Without putting our decision on the Sixth Amendment, this review in light of those constitutional considerations convinces us that-all factors taken into account-the Government's inordinate delay in bringing Dyson to trial does not, on the present record, pass muster under the minimum statutory mandate. These considerations also bear, to some extent at least, on the Trial Court's initial burden on remand. If the Government could offer cogent reasons for the delay the variables in our analysis might be greatly altered. Therefore, we think it appropriate to remand to permit the Government to make a showing to be followed by specific findings of fact and conclusions of law concerning the reason for the delay. Unless the Government can satisfy the district court that its delay was justified, the conviction must be set aside.8




Rule 18, 5 Cir.; see Isbell Enterprises, Inc. v. Citizens Casualty Company of New York et al., 5 Cir., 1970, 431 F. 2d 409, Part I


Although Dyson's Draft Board was located in Albany, Georgia, venue for failure to report is typically laid at the designated place at which the registrant was supposed to go. Johnston v. United States, 1956, 351 U.S. 215, 76 S.Ct. 739, 100 L.Ed. 1097; United States v. Neill, 7 Cir., 1957, 248 F.2d 383; United States v. Scott, 4 Cir., 1970, 424 F.2d 285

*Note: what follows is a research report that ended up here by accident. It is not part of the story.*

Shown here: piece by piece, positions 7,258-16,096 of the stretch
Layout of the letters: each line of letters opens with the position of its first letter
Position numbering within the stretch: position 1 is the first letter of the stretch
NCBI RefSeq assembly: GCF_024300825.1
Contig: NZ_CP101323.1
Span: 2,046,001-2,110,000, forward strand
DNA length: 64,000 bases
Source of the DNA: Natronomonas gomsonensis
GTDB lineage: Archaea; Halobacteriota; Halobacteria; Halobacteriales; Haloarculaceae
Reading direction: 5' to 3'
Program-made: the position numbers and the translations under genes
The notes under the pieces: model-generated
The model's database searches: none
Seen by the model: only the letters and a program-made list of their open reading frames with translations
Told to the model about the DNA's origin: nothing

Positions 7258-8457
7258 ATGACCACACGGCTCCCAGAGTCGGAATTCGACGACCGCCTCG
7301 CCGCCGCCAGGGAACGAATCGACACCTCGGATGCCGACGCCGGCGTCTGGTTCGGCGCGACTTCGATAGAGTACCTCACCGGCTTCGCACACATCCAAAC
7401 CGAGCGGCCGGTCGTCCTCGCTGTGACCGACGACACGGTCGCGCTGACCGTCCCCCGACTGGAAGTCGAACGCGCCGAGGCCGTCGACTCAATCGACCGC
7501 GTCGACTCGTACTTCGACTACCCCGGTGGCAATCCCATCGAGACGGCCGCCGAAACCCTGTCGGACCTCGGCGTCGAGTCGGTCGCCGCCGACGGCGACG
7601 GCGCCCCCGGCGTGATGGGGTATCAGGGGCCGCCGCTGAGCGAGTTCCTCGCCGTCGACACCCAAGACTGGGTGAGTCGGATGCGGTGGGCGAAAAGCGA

We note this long delay merely in passing and not to suggest that this pre-indictment time is considered for purposes of the motion to dismiss. See United States v. Marion, 1971, 404 U.S. 307, 92 S.Ct. 455, 30 L.Ed.2d 468; United States v. Edwards, 5 Cir., 1972, 458 F.2d 875 [1972]. But see United States v. Hanna, D.Del., 1972, 347 F.Supp. 1010 (eleven month post-arrest, pre-indictment delay deprived defendant of speedy trial).


The right was incorporated into the Due Process Clause of the Fourteenth Amendment and, thus, made binding on the States in Klopfer v. North Carolina, 1967, 386 U.S. 213, 87 S.Ct. 988, 18 L.Ed.2d 1


50 U.S.C.A. App. Sec. 462(a). The statute also places a considerable obligation on the Department of Justice by providing as follows:

"The Department of Justice shall proceed as expeditiously as possible with a prosecution under this section, or with an appeal, upon the request of the Director of Selective Service System or shall advise the House of Representatives and the Senate in writing the reasons for its failure to do so."

50 U.S.C.A. App. Sec. 462(c).